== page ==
This week is Child Mental Health Week and the theme this year is EXPRESS YOURSELF. Take a look at the Website – Children’s Mental Health Week 2021  Its packed ideas, activities and videos for all ages to try at home. Children will be doing online activities in school, and there are ideas for parents to build on this at home. With the stress of lockdown children and young people need this more than ever.

Many families are struggling with the impact of home learning, working from home, feeling cooped up, getting on each other’s nerves, feeling cold, stuck on screen devices for long periods for school or work, dealing with technical problems, missing friends and family…the list is endless.

During the long winter months stresses can build up and we can find ourselves spiralling down into states of anxiety, lacking in motivation, having the same old arguments with our siblings or partners. Expressing ourselves gives us the BOOST that we all need.

When child and young people find CREATIVE WAYS to share their feelings thoughts and ideas it can help them feel good about themselves and feel fully alive. Expression through art, music, writing and poetry, dance and drama, photography and film allows us to discover who we are and to strengthen our identity and self-esteem.

I imagine you may be thinking, ‘I’m exhausted I don’t know where to start!’ Let me guide you and I invite you to follow some of the links.


  1. Listen to your children. We may feel as parents that we should have all the answers, however, this is simply not realistic. Children mainly need their parents to LISTEN to them. You could play the ‘Squiggle Game’ together. Take it in turns to draw a squiggle, then pass the squiggle to the other person who makes it into something. Watch the video. The Squiggle Game – Children’s Mental Health Week 2021 – YouTube As you do this activity with your child listen to them with all your attention, notice their body language, notice your own body language and hopefully you’ll have some fun.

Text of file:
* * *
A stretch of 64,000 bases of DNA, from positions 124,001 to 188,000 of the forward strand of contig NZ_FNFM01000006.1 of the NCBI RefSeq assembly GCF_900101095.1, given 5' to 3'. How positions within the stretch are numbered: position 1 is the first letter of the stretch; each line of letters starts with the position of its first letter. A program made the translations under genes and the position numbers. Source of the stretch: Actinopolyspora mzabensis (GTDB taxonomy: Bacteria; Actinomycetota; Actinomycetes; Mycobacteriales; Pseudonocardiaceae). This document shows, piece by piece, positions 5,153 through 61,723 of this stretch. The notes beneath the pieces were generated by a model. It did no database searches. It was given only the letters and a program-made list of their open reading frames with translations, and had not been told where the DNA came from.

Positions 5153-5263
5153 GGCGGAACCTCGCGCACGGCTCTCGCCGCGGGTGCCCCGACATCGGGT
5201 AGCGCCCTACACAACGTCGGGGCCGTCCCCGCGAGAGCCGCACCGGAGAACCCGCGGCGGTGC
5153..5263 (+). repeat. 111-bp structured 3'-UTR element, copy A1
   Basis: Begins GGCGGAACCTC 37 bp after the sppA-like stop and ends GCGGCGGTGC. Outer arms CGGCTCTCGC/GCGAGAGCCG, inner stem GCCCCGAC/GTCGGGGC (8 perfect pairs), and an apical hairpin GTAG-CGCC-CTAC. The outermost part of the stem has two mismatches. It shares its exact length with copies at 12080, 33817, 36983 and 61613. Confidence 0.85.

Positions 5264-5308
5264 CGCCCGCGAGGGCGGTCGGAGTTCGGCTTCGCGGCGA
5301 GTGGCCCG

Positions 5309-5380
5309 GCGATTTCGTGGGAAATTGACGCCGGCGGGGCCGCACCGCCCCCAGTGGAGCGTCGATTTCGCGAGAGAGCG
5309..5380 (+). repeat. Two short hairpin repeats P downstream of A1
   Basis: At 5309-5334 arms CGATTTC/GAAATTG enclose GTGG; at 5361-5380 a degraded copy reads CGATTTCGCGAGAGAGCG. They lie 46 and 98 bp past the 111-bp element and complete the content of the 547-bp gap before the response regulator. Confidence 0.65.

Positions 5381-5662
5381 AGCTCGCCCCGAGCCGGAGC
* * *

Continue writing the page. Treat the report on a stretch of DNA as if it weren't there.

2. Keep connected with family and friends. If your child is tired of Zoom calls, try something new. Suggest your child draw a picture or write a letter with stickers and send it to a friend or grandparent. Children love receiving handwritten cards and letters in the post.
  3. Get a cardboard box and make your house with your child. Together you can paint it and decorate it. Think about your family. What makes your family strong? What holds you together? What do you like about each other. Write this on your house. This can help us really value ourselves and our family.
  4. Keep physical. Your children are probably having lots of screen time. After screen time children need to come back into their bodies to regulate their bodies and their emotions. If your child is tired or going out for ‘yet another walk’ try something new. Deep pressure activities are good for regulation. Play a tug of war. Challenge each other to press ups and star jumps, make an obstacle course and alternate between doing it fast and slow. Obstacle Courses – YouTube Get a core ball and practice some exercises. Blow up some balloons, roll up a magazine and use the magazine batons to keep the balloons in the air.